Female Athlete Triad

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Editor: Lyle J. Micheli
Date: 2011
Encyclopedia of Sports Medicine
Publisher: Sage Publications, Inc.
Document Type: Topic overview
Pages: 3
Content Level: (Level 5)

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Page 497

Female Athlete Triad

Since the passage of Title IX in 1972, female participation in high school athletics has increased by 800%. While such participation has had a remarkably positive impact on girls, women, and sports, some pressures of athletics and training have placed athletic females at risk for overtraining, undereating, menstrual irregularity, low bone mass, and other adverse health consequences. In 1993, the American College of Sports Medicine coined a term, the female athlete triad (triad), to refer to a syndrome commonly seen in athletic women. It involves disordered eating, irregular menstrual cycles, and low bone mass. Athletic women with the most extreme form of this disorder have severe eating disorders (e.g., anorexia or bulimia), amenorrhea (absence of menstrual periods), and osteoporosis (low bone density with increased risk of fractures). However, the syndrome is a continuum, and athletes may have one, two, or all three parts of the triad.


Prevalence of the triad in a population of young women athletes is difficult to ascertain as most statistics are obtained from surveys and self-reporting. Women may not want to admit that they have menstrual irregularities or eating disorders. Underreporting is common in such surveys.

Page 498  |  Top of Article

The prevalence of amenorrhea in the general population is 3% to 6%. In specific female athlete populations, amenorrhea has ranged from 3.4% to 69%. The prevalence of disordered eating is 5.5% to 9% in the general population, while surveys have shown a prevalence of 15% to 62% in female college athletes and 25% to 31% in female elite athletes.

Disordered Eating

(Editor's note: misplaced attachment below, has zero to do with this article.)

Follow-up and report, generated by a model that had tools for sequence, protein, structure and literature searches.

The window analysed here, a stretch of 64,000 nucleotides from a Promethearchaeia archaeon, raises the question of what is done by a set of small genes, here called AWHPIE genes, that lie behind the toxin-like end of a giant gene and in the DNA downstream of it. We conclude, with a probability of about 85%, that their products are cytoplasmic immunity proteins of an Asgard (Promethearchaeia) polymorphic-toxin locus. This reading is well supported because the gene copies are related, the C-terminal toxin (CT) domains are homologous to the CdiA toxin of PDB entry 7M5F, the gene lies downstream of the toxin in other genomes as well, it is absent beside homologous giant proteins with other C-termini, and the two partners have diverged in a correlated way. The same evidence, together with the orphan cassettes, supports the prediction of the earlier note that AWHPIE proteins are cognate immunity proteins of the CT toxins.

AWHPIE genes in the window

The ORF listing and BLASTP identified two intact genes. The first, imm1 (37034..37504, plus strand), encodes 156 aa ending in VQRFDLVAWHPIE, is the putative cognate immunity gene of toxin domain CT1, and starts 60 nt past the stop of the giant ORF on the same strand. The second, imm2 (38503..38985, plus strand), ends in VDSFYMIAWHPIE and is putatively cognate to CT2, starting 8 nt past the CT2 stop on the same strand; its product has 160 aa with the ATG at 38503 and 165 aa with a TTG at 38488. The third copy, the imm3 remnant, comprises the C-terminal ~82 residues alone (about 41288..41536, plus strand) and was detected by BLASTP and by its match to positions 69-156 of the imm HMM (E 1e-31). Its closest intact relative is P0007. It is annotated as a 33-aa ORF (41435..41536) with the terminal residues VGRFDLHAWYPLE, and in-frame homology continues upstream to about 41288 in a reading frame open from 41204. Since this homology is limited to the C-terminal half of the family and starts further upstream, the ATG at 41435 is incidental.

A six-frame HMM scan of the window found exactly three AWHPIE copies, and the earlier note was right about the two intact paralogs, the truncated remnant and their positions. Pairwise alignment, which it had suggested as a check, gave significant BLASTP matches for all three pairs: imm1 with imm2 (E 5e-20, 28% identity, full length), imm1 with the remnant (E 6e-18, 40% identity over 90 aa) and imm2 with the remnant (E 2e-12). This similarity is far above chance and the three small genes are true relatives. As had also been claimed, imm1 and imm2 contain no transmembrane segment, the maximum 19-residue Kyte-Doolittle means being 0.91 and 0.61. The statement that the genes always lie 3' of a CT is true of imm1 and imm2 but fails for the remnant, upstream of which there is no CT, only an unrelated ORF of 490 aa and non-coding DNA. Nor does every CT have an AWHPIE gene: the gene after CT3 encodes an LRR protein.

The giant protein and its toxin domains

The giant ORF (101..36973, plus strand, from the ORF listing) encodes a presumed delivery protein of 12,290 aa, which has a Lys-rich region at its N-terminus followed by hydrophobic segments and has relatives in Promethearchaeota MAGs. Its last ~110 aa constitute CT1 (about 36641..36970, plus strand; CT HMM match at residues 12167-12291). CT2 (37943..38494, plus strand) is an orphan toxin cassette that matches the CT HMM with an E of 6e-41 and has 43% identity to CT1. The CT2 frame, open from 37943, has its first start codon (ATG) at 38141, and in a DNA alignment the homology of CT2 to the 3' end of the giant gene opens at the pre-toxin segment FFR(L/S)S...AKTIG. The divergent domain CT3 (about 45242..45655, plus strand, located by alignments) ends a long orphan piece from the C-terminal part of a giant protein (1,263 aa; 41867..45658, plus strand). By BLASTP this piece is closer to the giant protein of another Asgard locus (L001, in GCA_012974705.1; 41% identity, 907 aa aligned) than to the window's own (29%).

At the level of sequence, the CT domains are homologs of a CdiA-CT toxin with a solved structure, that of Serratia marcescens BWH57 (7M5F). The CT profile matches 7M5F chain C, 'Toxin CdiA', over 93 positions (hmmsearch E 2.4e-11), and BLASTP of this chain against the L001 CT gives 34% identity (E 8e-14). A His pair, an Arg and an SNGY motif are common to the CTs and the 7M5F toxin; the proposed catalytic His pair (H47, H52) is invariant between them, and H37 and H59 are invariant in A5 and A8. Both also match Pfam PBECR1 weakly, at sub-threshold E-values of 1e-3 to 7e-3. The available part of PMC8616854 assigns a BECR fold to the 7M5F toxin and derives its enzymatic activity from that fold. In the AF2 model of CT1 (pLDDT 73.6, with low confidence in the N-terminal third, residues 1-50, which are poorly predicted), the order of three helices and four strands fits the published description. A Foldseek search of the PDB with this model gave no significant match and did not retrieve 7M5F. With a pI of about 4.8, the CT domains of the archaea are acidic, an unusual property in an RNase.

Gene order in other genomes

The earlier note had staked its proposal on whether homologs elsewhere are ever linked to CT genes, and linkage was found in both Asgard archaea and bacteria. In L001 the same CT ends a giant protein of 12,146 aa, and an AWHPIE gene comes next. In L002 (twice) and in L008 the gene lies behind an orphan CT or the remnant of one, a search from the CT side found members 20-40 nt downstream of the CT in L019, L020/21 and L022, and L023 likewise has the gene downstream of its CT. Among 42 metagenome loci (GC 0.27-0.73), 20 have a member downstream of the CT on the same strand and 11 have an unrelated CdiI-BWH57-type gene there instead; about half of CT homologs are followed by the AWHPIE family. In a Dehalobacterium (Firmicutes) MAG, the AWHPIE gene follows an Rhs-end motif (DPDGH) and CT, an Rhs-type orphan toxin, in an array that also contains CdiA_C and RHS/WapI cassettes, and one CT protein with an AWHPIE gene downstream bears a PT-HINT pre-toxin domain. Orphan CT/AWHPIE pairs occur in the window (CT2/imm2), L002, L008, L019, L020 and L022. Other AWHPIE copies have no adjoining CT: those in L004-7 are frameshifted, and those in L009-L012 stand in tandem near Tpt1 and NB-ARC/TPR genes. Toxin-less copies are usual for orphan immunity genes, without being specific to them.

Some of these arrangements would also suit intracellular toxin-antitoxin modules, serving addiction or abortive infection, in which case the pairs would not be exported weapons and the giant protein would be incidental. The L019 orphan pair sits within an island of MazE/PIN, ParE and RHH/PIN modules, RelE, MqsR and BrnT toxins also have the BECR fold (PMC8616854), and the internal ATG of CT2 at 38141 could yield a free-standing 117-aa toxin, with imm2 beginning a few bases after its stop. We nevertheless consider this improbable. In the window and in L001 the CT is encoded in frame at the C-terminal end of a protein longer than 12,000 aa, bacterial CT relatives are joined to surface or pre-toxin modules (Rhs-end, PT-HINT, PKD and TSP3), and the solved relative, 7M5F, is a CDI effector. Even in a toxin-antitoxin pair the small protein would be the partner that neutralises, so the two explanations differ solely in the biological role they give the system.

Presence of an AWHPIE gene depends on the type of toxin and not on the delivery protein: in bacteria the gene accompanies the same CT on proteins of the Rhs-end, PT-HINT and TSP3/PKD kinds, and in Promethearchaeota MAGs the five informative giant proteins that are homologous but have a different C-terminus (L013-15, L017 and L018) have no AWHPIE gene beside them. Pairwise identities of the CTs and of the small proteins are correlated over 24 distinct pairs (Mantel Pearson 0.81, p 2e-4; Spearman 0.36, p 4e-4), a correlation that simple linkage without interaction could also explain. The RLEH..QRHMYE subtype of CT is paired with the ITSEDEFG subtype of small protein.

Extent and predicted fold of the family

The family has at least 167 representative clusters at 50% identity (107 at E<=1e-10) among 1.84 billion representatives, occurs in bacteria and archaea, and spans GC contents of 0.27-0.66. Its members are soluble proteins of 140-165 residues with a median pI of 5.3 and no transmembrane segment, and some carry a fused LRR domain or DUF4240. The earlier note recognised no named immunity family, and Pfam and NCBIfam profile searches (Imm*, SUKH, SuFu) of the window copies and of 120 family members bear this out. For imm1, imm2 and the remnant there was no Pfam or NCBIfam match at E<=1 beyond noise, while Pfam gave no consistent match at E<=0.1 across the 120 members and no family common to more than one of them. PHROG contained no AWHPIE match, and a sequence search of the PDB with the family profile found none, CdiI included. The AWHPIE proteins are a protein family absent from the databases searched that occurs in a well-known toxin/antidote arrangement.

Female athletes may try to lose weight or maintain a low body weight to improve their athletic performance. For example, a runner may try to lose weight to enhance her speed. A dancer may strive to be thin to improve her jumps and to achieve a certain ideal appearance on stage. Athletes are pressured by coaches, teammates, parents, and/or friends to lose a “few extra pounds” to enhance their performance. This can lead to poor body image and unhealthy eating behaviors.

Disordered eating as part of the triad includes restricting the intake of calories and/or certain types of food (e.g., fat). Some athletes have unintentional nutritional deficits because the calories burned during exercise consistently exceed the calories ingested, but the athlete is not aware of this imbalance. In other instances, athletes engage in very distinctive behaviors signifying the severe eating disorders, anorexia nervosa or bulimia nervosa. Athletes may fast, use diet pills, use laxatives or enemas, purge, try fatfree dieting, or even try excessive sweating through layering clothes in hot weather or sitting in saunas. At-risk athletes include those who restrict dietary intake, exercise for prolonged periods of time, or are vegetarian. Regardless of the type of disordered eating or weight control behavior, the nutritional deficit disrupts many hormonal processes in the body.


Rapid changes in weight, loss of specific nutrients, and prolonged nutritional deficits can lead to significant menstrual irregularities. Studies in animals and humans show that reduction of energy availability to less than 30 kilocalories/kilogram of fatfree mass (FFM) per day causes dramatic changes in the normal patterns of hormone secretion. Energy availability is calculated using caloric intake, exercise energy expenditure, and FFM. Low energy availability alters the levels of numerous hormones that can affect the menstrual cycle, including luteinizing hormone (LH), insulin, cortisol, growth hormone, insulin-like growth factor 1 (IGF-1), thyroid hormone, leptin, and ghrelin.

Menstrual irregularities in female athletes are caused by disruptions in the normal hormonal signaling between the hypothalamus, pituitary gland, and ovaries. A variety of menstrual abnormalities may occur, including luteal suppression (shortened luteal phase of the menstrual cycle), anovulation (impairment of follicular development), oligomenorrhea (>35 days between cycles), primary amenorrhea (delayed menarche or the absence of menses by age 15 in girls with secondary sex characteristics such as breast development and pubic hair), and secondary amenorrhea (absence of at least three consecutive menstrual cycles after menarche has occurred).